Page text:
Can You Combine Berberine And Inositol Together?

In this blog, we will discuss Berberine and Inositol, two organic compounds with significant therapeutic potential. We will explore their benefits, from their role in managing diabetes and cardiovascular disease to their impact on mental health and neurodegenerative disorders. We will also discuss the potential interactions when these compounds are combined.
Greta Daniskova

Greta Daniskova

Greta is a BSc Biomedical Science student at the University of Westminster, London.

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What is Berberine?

Berberine is an isoquinoline alkaloid, an organic compound of plant origin, found, among other plants, in Coptis sp., Berberis sp., Hydrastis canadensis and many other species [1, 2, 3, 4]. This natural compound has a long history of use in traditional Chinese and Ayurvedic treatment of a myriad of ailments, including bacterial gastroenteritis and diarrhoea [5].

What does Berberine do?

Berberine possesses a broad spectrum of pharmacological actions. Previous studies showed its high therapeutic potential against diabetes, cardiovascular disease, hyperlipidemia, inflammation, bacteria and virus infections, mental disease, Alzheimer’s disease and osteoporosis, among others [1, 6].

In diabetes, berberine has been demonstrated to reduce fasting blood glucose, haemoglobin A1C (a blood sugar marker), inflammatory cytokines, and markers of oxidative stress; it also increases insulin secretion and improves insulin sensitivity [7].

Furthermore, berberine possesses neuroprotective effects as well. Studies found that it protects neurons against apoptosis (programmed cell death), oxidative (free radical) and inflammatory stress, potentially useful for the treatment of Alzheimer’s disease and a wide spectrum of neurodegenerative disorders [8, 9].

Moreover, berberine showed strong antimicrobial activity against multiple organisms, including bacteria, viruses, fungi, protozoans, helminths and chlamydia [4].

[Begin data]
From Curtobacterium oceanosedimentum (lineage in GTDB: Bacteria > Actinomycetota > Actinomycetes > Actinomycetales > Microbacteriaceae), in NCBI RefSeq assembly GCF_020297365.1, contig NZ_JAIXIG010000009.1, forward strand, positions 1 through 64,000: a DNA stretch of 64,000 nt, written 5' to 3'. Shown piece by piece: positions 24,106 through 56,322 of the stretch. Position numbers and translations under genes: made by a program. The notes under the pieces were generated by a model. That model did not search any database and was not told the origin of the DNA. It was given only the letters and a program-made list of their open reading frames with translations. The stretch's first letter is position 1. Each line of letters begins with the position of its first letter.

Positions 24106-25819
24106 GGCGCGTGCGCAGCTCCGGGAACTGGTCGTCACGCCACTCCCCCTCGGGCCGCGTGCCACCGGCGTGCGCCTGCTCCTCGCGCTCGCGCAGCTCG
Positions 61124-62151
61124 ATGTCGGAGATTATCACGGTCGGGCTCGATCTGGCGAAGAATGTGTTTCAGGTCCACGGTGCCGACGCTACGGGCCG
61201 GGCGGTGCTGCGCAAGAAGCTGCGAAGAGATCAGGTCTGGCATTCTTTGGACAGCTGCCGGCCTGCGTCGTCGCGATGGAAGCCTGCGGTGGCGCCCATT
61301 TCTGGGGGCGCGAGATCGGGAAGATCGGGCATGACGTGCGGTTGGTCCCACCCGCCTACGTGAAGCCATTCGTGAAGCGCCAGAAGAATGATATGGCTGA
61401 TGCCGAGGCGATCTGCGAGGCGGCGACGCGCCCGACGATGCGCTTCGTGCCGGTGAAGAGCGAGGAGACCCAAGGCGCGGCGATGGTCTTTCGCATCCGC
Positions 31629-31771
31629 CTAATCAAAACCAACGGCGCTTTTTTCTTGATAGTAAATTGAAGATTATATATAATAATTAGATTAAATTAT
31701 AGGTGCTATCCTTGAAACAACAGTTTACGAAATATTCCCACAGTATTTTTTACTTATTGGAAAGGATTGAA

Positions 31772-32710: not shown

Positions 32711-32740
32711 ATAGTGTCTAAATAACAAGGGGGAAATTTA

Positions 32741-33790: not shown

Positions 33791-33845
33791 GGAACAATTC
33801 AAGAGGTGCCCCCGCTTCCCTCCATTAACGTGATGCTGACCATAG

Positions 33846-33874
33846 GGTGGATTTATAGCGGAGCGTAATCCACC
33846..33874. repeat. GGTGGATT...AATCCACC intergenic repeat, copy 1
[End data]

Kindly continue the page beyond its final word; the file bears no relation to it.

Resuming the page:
Berberine has been shown to prevent the proliferation of different kinds of cancer and impede invasion and metastasis [10, 2].

What is Inositol?

Inositol is an organic compound of vital importance promptly distributed everywhere in nature [11]. It is a cyclic polyol (an alcohol with the characteristic of a sugar), which occurs in two dominant, but differentiated, stereoisomers D-chiro-inositol (myo-inositol in your blood at a serum ratio of 40:1) and myo-inositol [11]. Myo-inositol is one of the five natural stereoisomers of inositol [12]. It is a common six-carbon sugar with unique biochemical and psychotherapeutic properties [13, 14].

What does Inositol do?

Inositol and its derivatives are constituent parts of the intracellular structural phospholipids of cell membranes, as well as precursors of the second messengers of many metabolic pathways [1, 2]. It is also involved in ion channel permeability, metabolic homeostasis, mRNA export and translation, cytoskeleton remodelling and stress response [15, 16].

Inositol is essential to phenotypic transitions and developmental stages, and dysfunctions in the regulation of inositol metabolism are implicated in the genesis of chronic disease [15, 16]. It is also important in neuronal signalling, and osmoregulation and has shown initial therapeutic promise in studies of depression, panic disorder and obsessive-compulsive disorder [13, 14].

Inositol is essential to signal transduction in response to neurotransmitters, hormones and growth factors in the brain, kidneys, testes and ovaries, and other tissues and organs [17]. Inositol also figures in the pathogenesis of insulin resistance, hypothyroidism and other metabolic and hormonal problems [11, 12].

Can you combine Berberine and Inositol together?

In light of the available studies, there is no certain evidence that combining Berberine and Inositol will be harmful or beneficial. Both compounds have been studied in combination with other substances only, but not with each other.

Berberine, when combined with resveratrol, has been shown to work better with the reduction of serum total cholesterol by 27.4% and low-density lipoprotein-cholesterol by 31.6% in mice on a high-fat diet [18]. Inositol, in combination with alpha lipoic acid, has been shown to increase insulin, or improve insulin sensitivity, thus decreasing insulin resistance [19].

However, these studies were done with combinations of various drugs, not Berberine and Inositol together – so while both Berberine and Inositol have been better than placebo when combined with other drugs, people can’t be sure if these benefits would transfer when Berberine is taken with Inositol.

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Greta Daniskova

Greta Daniskova

Greta is a 2nd-year student currently pursuing her Bachelor's Degree in Biomedical Sciences at the University of Westminster in London. Currently, in her second year of undergraduate studies, she exhibits a keen interest in the dynamic field of healthcare. With a focus on understanding the intricacies of human biology and disease mechanisms, Greta is driven by a desire to contribute to advancements in medical research and patient care.